Order Tray | Contact Us | Home | SIG Lists

[aprssig] Periodic Disconnects from APRS-IS

AE5PL Lists HamLists at ametx.com
Fri Jan 19 11:51:33 UTC 2007


This thread you created is dead.  RFC896 defines the Nagle algorithm,
but doesn't show (as it shouldn't) the net effects.  I have told you
what the net effects are and what the studies done by numerous other
network experts have shown but you refuse to accept this.  So, simply
put: APRS-IS servers and clients should and do disable the Nagle
algorithm and should not buffer packets.  This is a non-issue and simply
a distracter from the content and intent of my original post.  You can
continue your posts on this subject but as far as I am concerned the
subject is dead because it is not going to change.

My original post, which you have successfully distracted me from, bears
repeating: if your client is unable to keep up with the full stream,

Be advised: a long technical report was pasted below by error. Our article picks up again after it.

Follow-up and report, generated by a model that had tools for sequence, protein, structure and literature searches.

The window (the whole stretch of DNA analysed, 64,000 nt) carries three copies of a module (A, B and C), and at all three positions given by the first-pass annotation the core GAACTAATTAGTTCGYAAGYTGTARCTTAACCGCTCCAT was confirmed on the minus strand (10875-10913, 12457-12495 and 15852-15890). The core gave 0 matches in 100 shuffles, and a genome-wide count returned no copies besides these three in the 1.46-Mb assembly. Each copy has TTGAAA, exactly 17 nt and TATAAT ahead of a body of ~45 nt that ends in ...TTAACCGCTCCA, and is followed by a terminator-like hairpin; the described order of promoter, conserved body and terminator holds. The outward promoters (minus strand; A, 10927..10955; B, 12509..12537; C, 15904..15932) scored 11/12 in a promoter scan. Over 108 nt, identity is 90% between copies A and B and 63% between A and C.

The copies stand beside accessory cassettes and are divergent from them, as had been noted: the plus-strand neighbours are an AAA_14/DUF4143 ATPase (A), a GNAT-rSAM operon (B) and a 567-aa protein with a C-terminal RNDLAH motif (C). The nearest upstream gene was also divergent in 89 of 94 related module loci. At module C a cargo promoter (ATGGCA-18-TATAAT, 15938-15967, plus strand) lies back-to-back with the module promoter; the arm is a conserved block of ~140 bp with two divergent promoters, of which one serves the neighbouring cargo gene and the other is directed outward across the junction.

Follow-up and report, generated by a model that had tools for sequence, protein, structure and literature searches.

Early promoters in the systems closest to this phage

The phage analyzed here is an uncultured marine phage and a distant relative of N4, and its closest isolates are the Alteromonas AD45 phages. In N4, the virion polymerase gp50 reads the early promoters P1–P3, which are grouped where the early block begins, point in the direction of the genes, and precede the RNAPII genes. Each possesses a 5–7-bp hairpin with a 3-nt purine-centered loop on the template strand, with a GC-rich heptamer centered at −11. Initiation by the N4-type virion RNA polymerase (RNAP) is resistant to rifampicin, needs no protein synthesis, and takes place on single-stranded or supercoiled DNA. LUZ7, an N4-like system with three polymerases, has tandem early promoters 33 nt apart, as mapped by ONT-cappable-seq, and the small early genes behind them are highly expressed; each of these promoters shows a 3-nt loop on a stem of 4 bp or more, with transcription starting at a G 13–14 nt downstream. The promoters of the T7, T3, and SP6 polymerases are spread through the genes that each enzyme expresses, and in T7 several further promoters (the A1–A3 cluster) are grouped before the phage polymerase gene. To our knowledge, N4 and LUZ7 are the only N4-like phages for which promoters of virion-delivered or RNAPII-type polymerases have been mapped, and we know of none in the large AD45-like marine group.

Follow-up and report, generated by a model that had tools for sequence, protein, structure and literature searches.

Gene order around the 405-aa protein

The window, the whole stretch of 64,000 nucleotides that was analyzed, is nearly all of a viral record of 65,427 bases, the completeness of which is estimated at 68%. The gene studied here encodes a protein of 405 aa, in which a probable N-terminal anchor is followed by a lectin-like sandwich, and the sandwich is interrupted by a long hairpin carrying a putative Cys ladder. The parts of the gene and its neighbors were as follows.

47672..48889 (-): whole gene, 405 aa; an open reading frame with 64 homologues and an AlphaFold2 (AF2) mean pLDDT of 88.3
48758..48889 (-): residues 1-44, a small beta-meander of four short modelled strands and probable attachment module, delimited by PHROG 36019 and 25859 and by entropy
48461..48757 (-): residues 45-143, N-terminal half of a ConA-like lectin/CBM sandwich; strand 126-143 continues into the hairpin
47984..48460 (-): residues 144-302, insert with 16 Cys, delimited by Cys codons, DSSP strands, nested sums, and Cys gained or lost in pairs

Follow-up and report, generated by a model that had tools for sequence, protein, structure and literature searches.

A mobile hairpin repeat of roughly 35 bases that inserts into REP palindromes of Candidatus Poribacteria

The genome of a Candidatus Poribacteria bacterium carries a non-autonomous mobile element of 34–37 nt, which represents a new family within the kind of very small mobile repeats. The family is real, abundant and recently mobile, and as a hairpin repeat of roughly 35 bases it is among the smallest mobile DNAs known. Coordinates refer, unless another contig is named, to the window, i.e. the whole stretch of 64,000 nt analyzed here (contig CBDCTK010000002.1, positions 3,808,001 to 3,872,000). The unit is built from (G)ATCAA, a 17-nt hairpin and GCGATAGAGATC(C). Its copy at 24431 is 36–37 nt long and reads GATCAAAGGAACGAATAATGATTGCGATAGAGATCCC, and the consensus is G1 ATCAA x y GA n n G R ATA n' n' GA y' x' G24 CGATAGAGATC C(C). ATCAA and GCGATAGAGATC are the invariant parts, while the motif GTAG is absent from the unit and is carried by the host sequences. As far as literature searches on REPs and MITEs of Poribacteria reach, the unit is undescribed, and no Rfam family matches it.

whether because of the high amount of processing it has to do (most
common) or because of the limited bandwidth you have, please consider
switching to a server filter port (most servers support port 14580 as a
user-defined filter port).  You will find your connections will be more
reliable and your client more responsive with the reduced packet
processing your client has to do.


Pete Loveall AE5PL
pete at ae5pl.net

> -----Original Message-----
> From: Scott Miller
> Posted At: Thursday, January 18, 2007 10:50 PM
> Subject: RE: [aprssig] Periodic Disconnects from APRS-IS
> Nagle's algorithm alone is not the problem here.  Read RFC896 - done
> right,
> it'll result in only one MSS worth of data being buffered.  Last I
> checked,
> that works out to about 1/10 of a second worth of APRS IS data.  The
> real
> problem is when it's combined with delayed ACKs.  See below.

More information about the aprssig mailing list